The star that serves as our sun is nearly 4.6 billion years old and consists of extremely hot plasma. The sun’s mass is more than every planet in our solar system put together and can generates enormous amounts of energy through nuclear reactions.
The Sun’s Atmosphere
The atmosphere above the sun’s surface consists of three layers, the photosphere, the Chromospheres and the Corona. The photosphere is the lowest region of the atmosphere and can be seen from earth. The average temperature of this region is about 5,800 degrees Kelvin. The outer edges of the photosphere cool down significantly and appear dark, giving the sun its defined looking edge. Above the photosphere is the chromosphere within which the temperature varies between 4,500 degree Kelvin and 10,000 degrees Kelvin. This layer of the atmosphere has many flame-like columns of plasma that are termed spicules which can rise up 6,000 miles from the sun’s surface. The last layer of the atmosphere is the corona. This layer consists of thin plasma is very hot, reaching 2 million degrees Kelvin. Scientists are currently studying the reason why the corona is so hot. The current theory is that it is somehow related to the sun magnetism.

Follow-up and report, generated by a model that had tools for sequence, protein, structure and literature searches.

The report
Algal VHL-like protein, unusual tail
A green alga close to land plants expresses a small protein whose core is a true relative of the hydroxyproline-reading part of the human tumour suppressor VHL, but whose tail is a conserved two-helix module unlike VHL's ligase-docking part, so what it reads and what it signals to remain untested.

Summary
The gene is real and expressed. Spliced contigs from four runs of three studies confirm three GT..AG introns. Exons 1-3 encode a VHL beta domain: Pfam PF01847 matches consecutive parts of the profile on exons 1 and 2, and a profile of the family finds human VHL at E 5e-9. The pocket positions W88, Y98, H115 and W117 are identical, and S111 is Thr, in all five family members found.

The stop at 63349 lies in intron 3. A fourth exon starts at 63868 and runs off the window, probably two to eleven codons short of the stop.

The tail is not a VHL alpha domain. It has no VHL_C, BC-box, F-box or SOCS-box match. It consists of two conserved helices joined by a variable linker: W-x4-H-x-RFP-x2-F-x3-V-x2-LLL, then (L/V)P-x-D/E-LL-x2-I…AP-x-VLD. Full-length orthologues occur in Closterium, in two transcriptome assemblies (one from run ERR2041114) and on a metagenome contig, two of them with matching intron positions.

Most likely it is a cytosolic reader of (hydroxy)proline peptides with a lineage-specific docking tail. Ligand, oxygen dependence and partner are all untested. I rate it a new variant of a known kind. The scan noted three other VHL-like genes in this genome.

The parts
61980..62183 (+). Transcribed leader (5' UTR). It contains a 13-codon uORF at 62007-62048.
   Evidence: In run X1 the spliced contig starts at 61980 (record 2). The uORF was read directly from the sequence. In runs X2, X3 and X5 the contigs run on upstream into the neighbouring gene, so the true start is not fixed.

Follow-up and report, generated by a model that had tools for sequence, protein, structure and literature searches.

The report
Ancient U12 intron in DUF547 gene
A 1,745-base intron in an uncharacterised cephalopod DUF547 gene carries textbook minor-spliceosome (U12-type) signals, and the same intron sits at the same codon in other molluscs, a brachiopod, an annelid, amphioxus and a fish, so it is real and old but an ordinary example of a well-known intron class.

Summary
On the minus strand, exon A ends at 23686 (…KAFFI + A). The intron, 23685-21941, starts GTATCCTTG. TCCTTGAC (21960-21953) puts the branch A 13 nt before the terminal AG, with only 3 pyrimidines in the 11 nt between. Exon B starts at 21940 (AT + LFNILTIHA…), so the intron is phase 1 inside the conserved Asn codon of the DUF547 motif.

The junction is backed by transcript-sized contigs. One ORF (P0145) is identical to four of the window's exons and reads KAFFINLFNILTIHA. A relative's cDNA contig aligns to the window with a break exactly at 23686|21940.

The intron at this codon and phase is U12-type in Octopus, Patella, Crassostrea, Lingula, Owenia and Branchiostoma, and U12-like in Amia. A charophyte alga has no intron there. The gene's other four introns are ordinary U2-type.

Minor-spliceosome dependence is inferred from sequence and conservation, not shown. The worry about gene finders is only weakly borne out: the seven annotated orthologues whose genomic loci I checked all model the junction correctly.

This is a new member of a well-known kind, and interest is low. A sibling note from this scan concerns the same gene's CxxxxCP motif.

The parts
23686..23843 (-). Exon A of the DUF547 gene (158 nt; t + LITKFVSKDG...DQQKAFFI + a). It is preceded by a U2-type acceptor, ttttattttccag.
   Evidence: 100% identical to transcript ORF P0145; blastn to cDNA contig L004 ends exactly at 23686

The Sun’s Surface
The surface is a layer of plasma which is approximately 60 miles thick. The surface is covered in bumps which bring up hot plasma from inside the sun. The surface of the sun is also covered in sunspots. These spots are cooler regions that look dark against the rest of the extremely hot surface. There are also intensely bright spots that are also associated with the sun spots. Sunspots are the result of a concentration of the sun’s magnetic field, which stops the flow of heat from inside the sun.
The Sun’s Internal Structure
Inside the sun there are three layers with a core at the center. In the core of the sun there are extremely high temperatures and very high amounts of pressure. This spot within the sun is the area where nuclear fusion occurs. After the core comes the radiative zone, which is the zone that energy from the core travels through. It takes nearly 1 million years for the energy to travel out in the form of photons. The last zone inside the sun is the convection zone. The energy that eventually makes it through the radiative zone, concentrates in the convective zone. From there is enters the photosphere and from there is released as light and heat.
Source: Rees, Martin. Universe: The Definitive Visual Guide. DK Publishing, New York. 2008.